Energy investment within Europe is set to decline, according to an ING report, as European utilities grow more selective
In European Utilities Outlook: More Investment but More Selective in 2024, ING’s head of corporates sector strategy Nadège Tillier noted that investment grew by 10% a year between 2018 and 2022. Despite this, she contended 2024 would now see increases limited to 5%.
“We see two reasons for this,” Tillier explained. “Investments saw an exponential expansion from 2021 to 2023 and the growth is now returning to a more average level. With (renewable) projects now more expensive, as seen with Orsted and Vattenfall, European utilities have become more selective as they want to secure an appropriate level of return on investment.”
Despite the decline, ING predicted investment in renewals, which accounted for a third of total investment in 2018, would rise to a little over half of total investment by 2024. Concurrently, capital expenditure for conventional power generation would go drop from 39% in 2018 to 22% in 2024, the firm said.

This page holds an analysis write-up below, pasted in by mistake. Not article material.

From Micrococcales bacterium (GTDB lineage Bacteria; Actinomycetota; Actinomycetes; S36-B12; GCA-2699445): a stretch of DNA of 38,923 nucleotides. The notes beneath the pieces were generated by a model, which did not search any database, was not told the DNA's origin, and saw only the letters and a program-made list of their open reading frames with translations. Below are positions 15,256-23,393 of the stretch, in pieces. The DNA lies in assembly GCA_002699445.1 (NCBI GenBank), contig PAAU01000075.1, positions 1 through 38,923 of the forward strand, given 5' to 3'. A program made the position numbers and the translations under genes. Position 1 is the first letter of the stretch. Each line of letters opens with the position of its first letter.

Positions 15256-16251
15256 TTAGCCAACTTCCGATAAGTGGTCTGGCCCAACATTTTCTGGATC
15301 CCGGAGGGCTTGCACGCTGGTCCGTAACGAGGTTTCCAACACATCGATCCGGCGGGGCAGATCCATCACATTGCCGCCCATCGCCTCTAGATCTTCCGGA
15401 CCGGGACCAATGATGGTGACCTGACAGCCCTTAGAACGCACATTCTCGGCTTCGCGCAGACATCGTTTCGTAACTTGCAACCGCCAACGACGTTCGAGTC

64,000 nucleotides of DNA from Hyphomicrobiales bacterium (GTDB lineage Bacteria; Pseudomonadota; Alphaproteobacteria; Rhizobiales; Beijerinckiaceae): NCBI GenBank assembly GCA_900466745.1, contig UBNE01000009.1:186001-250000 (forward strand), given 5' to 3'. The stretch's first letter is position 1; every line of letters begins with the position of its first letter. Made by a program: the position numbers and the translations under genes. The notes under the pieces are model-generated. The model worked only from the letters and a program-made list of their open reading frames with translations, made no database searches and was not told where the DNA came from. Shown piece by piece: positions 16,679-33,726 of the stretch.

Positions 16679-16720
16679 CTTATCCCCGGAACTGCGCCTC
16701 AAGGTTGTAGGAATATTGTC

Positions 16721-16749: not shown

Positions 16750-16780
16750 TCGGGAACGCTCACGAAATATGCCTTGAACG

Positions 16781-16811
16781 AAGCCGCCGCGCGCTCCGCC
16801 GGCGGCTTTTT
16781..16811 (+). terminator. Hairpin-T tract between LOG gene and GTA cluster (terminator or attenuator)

Not all investments, added Tillier, would be on the continent. “In 2024, we estimate 70% of the investments made by European integrated utilities will be earmarked for Europe with 30% outside the region – a ratio similar to 2023,” she said. “Internationally, European integrated utilities’ favourite destinations are North, South and Central America. The US has been an attractive place for renewable investments through fiscal incentives.”
At the beginning of 2023, the Biden Administration’s Inflation Reduction Act restarted a $10bn tax credit for clean energy producers, the report noted. “Due to their historical ties with Latin and Central America, Southern European utilities have and continue to invest heavily in these regions,” added Tillier. “With strong growth potential for renewable energy demand and grid services in these regions, Spanish, Portuguese and Italian integrated utilities are committing up to 60% of their total investments outside their European market presence.”
The cooling off in energy investment is unlikely to help the sector, however. Last year, the European Investment Bank released its Energy Overview 2023. That report said EU-based energy investment needed to double to reach more than €400bn this decade.
“Data from the European Commission show that EU-based energy investment needs to double from the past decade, to more than €400bn a year this decade, to meet the EU objective of reducing greenhouse gas emissions by at least 55% by 2030 compared with 1990,” the report explained. “This includes some €300bn in annual investment needed for energy efficiency, and some €120bn needed for renewable energy plants and electricity grids.”